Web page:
A Royalist Coup

Bob King Topples Faculty Government

By Tom King
July 1991; pages 3, 8; Volume 2, No. 7
Polemicist

My politics haven't changed since I was 21 years old. I was a Marxist then and I'm an Authoritarian now.

-Robert King, in conversation at a 1990 fundraising party for the College of Liberal Arts

On February 22 of this year, the Department of English voted to retain its present structure of governance with a few minor revisions. After careful discussion and deliberation, it passed in perfunctory fashion: there was a single dissenting vote. The governance document was then forwarded to the Liberal Arts Dean for his consideration. Until the 26th of June, there was no indication whatsoever from the acting Dean or his predecessor, Standish Meacham, that anything at all was wrong with the Department's system of governance. On that day, acting Liberal Arts Dean Robert D. King, in a memo to Department of English Chairman Joseph Kruppa, declared his intention to revise English Department governance dramatically and unilaterally.

The dean proposes to replace the Department's Executive Committee, which is elected from all the department' s faculty, with a Budget Council, made up of all full professors, but not other tenured faculty or assistant professors. The English Department abolished the Budget Council mode of governance in 1968, in an attempt to democratize its governance. Today, issues of democratic input are still relevant. Chairman Kruppa cites it as an important selling point among first-rate young academics. In addition, women and minorities would be underrepresented under a Budget Council system. Despite the department's exemplary record of affirmative action hiring, they are still not well represented among full professors. The department has only two full professors who are women; otherwise, the entire Budget Council would be made up of (mostly older, mostly white) men, who King thinks are more "experienced." King charges that "a larger body of the most senior ... faculty" should lead the department.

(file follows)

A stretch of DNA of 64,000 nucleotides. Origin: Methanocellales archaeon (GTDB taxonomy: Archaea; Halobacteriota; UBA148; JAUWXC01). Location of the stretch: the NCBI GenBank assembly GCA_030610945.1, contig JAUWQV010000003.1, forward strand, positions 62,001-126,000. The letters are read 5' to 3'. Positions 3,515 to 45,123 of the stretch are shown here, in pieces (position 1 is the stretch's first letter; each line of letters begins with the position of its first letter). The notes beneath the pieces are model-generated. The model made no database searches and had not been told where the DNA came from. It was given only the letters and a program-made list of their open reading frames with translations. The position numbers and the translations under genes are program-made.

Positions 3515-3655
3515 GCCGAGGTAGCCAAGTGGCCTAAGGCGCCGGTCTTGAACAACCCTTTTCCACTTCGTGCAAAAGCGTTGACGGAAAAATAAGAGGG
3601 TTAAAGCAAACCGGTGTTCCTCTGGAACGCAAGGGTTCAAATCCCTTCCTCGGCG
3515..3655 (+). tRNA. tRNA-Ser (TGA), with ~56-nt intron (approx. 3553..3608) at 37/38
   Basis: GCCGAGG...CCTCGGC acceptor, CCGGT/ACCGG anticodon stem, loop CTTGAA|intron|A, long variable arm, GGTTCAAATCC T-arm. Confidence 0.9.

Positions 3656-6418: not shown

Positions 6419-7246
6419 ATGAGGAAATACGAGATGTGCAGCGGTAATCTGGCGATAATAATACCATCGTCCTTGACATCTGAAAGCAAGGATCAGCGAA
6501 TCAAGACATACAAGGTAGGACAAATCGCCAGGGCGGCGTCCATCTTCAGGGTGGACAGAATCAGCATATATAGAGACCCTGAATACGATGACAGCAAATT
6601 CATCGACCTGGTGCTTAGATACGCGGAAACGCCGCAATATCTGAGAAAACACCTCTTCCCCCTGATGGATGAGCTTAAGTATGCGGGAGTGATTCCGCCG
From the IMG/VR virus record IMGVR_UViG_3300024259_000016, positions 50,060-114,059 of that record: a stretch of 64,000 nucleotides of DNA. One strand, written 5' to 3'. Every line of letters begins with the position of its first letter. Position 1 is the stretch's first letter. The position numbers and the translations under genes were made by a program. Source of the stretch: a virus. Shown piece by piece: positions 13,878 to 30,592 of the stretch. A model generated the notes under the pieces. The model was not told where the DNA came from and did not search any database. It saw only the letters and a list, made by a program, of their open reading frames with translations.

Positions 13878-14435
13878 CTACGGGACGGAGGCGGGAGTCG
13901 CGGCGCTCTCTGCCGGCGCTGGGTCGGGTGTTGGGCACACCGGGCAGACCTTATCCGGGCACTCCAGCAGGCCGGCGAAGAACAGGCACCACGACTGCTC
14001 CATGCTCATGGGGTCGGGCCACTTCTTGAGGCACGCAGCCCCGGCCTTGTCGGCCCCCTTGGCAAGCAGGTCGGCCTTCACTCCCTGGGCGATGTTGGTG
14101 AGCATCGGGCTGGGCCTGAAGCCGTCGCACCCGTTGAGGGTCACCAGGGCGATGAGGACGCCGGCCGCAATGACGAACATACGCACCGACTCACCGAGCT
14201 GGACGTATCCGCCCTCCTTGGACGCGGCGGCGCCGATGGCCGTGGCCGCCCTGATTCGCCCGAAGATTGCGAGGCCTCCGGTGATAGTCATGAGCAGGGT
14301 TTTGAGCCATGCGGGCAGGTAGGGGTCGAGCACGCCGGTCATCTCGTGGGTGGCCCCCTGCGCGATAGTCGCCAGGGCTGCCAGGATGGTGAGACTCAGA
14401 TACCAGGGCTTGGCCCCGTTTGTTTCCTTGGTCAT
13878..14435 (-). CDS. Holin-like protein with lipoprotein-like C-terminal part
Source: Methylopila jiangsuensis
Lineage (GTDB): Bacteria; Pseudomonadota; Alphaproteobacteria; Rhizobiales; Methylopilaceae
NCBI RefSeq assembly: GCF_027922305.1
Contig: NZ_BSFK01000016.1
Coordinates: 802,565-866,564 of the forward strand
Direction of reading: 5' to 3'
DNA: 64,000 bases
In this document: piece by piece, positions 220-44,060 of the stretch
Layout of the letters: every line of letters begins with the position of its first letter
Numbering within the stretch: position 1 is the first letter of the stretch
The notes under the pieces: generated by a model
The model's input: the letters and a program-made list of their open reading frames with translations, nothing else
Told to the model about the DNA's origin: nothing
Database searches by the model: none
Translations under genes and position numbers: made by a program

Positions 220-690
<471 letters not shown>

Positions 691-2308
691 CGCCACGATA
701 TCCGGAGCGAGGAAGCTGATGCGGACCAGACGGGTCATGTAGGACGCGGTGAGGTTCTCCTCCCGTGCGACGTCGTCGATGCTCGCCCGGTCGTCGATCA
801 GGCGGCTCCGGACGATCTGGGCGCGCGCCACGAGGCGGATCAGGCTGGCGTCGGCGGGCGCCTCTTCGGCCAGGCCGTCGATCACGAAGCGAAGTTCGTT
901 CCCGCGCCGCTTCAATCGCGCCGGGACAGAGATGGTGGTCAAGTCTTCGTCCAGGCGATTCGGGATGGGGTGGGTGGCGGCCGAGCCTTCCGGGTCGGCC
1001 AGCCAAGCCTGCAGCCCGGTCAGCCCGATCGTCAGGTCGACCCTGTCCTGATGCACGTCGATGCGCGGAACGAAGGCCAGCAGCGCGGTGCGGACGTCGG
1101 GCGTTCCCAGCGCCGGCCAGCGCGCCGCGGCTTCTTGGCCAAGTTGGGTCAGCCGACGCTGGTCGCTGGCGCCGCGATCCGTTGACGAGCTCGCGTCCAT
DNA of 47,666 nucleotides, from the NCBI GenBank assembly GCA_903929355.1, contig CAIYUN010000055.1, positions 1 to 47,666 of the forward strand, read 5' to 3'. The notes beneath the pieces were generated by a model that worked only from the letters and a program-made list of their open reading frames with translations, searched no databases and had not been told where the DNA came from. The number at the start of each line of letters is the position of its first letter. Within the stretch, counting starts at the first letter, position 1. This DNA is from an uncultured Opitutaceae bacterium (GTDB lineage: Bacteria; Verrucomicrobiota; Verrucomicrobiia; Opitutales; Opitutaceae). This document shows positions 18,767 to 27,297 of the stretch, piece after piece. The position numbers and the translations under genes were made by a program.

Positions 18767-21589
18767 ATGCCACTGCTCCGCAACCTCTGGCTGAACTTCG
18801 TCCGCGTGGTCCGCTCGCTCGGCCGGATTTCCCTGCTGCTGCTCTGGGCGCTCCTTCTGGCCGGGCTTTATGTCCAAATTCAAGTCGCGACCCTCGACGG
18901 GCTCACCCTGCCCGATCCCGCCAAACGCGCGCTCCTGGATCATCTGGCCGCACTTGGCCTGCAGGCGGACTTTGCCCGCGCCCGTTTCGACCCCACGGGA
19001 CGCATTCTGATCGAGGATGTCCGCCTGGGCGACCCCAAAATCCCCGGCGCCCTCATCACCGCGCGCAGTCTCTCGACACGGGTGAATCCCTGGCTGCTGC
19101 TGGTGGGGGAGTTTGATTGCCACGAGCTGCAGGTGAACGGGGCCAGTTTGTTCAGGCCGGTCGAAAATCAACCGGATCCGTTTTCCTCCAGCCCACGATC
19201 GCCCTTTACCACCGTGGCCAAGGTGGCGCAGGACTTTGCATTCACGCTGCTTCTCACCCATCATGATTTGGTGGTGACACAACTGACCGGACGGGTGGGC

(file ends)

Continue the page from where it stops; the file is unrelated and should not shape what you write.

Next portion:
Whether or not that it is the case, Dean King's actions amount to a de facto attack on affirmative action. In the last two years the department has hired eight women, two African-Americans, and three Hispanic candidates out of eleven total positions.



Also, it is simply untrue that senior faculty is underrepresented on the existing Executive Committee. During the last twenty-three years, full professors have always had a clear majority. Neither can it be argued that the Executive Committee form of governance is cliquish. During the last fourteen years, three quarters of the full professors presently in the department have served on the committee, and half of the entire English faculty has served at one time or another.

Representation on the Executive Committee cuts across every philosophical and methodological difference among the faculty as a whole. Currently the committee is made up of six full professors, two associate professors and two assistant profs. Although Dr. Joe Kruppa acts as a tie-breaker, in the last two years no Executive committee vote has been closer than 8-2 and most have been unanimous. King's insinuation that the body is not capable of sober and mature deliberation is born out neither by the composition of the executive committee nor by its decisions. Says Kruppa, "there is not a shred of empirical evidence either that anything is wrong with the Executive Committee mode, nor that a Budget Council would be in any way preferable."

An Attack on Minority Hiring

King claims to have no confidence in the hiring recommendations of the Executive committee, reminding Kruppa in his letter: "You will recall that twice during my earlier deanship I suspended hiring in the Department through lack of confidence in the recommendations being made." In a 1989 letter to then-Chairman William Sutherland, King explains himself more fully. King rejected two recommended new hires, one of them a woman, based not on their qualifications as scholars but on their "beliefs regarding the relation of literature to ideology and society." In other words, King objected to the department's new hires not based on their academic merits, but on their "beliefs."

In the same letter, King noted that as far as he could tell, both candidates were "well qualified for a position at a major university." In defense of his position King distinguishes between "traditional" and "nontraditional" approaches to literature ideologically, and insists upon "balance" between these "polarized" positions.